“In Andhra Pradesh, as things stand today, there is no future for microfinance. It’s like doing dialogue with the deaf,” said Alok Prasad, chief executive of Microfinance Institutions Network (Mfin), an industry body.
Some of the microfinance employees have turned pawnbrokers in the same field where they once operated as staff of well-established microlenders.
“They have become millionaires with their own moneylending businesses in Andhra Pradesh,” said G. Padmaja Reddy, founder and managing director of Spandana Sphoorty.
Prior to the crisis, the total workforce of the Indian microfinance sector was over 100,000, according to Prasad of Mfin. This came down to 65,000 post-crisis and now stands around 70,000. In Andhra Pradesh, most of the unemployed people are from rural areas, with average education qualification levels of Class 12.
“Our estimate based on the data collected from the field says anywhere between 30,000 and 35,000 people have lost jobs,” added Prasad.
Any improvement on the ground is unlikely as commercial banks are not willing to lend to Andhra Pradesh microlenders due to poor chances of loan recovery and business prospects.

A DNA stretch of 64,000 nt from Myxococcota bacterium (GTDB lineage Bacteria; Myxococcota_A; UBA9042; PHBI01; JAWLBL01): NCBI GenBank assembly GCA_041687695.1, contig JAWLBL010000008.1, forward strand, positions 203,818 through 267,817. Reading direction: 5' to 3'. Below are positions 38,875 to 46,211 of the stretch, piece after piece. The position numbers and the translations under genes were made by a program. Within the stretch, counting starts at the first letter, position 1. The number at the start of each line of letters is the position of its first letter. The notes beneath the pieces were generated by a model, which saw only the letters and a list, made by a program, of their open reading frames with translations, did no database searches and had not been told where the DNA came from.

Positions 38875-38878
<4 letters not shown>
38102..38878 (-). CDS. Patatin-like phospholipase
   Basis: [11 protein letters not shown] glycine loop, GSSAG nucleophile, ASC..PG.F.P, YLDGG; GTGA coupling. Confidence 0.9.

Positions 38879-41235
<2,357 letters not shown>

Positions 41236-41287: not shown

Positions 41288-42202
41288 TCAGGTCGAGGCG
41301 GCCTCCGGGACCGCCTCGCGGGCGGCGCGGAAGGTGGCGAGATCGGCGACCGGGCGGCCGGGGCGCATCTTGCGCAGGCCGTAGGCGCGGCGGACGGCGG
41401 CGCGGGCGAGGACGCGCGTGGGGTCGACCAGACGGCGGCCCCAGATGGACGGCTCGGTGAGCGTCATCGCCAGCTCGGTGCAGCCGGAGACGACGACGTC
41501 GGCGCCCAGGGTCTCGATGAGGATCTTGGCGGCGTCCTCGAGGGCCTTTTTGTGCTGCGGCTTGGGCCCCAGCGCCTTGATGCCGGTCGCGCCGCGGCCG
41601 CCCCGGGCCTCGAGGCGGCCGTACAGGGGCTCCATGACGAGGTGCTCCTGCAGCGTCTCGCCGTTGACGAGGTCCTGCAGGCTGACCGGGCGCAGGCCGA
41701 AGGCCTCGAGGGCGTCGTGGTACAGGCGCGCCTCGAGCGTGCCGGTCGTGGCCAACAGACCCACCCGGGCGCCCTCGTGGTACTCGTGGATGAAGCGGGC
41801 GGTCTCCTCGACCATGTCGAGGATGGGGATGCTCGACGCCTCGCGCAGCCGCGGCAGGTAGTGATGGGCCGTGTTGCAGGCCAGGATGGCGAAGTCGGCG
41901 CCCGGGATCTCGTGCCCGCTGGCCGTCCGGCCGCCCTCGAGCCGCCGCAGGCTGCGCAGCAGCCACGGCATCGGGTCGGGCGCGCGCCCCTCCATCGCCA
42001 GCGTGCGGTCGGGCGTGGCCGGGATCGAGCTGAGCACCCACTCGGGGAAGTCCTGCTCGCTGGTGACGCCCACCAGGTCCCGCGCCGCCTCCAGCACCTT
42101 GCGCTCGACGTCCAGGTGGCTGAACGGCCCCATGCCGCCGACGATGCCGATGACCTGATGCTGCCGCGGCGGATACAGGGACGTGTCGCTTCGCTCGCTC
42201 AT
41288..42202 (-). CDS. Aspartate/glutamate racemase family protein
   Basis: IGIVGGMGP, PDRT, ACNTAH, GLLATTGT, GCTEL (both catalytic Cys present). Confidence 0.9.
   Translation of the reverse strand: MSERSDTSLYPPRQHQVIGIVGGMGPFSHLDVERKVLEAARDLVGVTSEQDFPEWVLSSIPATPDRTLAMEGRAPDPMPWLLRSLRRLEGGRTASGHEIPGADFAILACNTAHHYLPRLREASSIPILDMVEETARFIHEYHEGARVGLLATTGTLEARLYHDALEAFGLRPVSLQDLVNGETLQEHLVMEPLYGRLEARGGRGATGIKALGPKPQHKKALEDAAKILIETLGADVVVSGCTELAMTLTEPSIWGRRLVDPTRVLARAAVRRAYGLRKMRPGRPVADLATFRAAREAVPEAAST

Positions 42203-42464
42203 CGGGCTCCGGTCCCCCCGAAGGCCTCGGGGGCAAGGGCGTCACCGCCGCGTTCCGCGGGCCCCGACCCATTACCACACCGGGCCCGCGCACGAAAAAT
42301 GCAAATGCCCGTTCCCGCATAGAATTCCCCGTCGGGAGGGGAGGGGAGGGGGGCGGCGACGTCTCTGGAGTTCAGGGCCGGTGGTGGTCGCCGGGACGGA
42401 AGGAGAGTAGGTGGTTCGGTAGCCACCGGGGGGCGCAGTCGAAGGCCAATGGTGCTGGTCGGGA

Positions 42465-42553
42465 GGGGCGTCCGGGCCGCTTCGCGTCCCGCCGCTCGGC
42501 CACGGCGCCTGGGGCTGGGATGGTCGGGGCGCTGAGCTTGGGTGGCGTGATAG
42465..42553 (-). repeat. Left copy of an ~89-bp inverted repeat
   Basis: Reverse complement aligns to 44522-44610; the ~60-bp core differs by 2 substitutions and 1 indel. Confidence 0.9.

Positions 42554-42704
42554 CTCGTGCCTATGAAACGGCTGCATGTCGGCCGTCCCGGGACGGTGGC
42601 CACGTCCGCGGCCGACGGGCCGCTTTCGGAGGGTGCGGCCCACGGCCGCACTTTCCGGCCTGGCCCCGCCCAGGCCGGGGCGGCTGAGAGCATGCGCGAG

“It’s like they have given up on us,” said Mahajan of Basix. Recently, RBI turned down a request by Andhra Pradesh- based MFIs to permit banks to recast their loans for a second time, without classifying these loans as bad loans.
Under current norms, banks need to set aside 15% of the loan amount as provision while restructuring a loan for the second time, treating it as a bad loan, while for a first-time recast, the provisioning requirement is 5%. For other loans, which are standard, the provisioning is 0.4%.
As of 23 August 2013, banks have a loan outstanding of Rs.17,600 crore to microcredit institutions that also includes loans to self-help groups and small groups of women borrowers.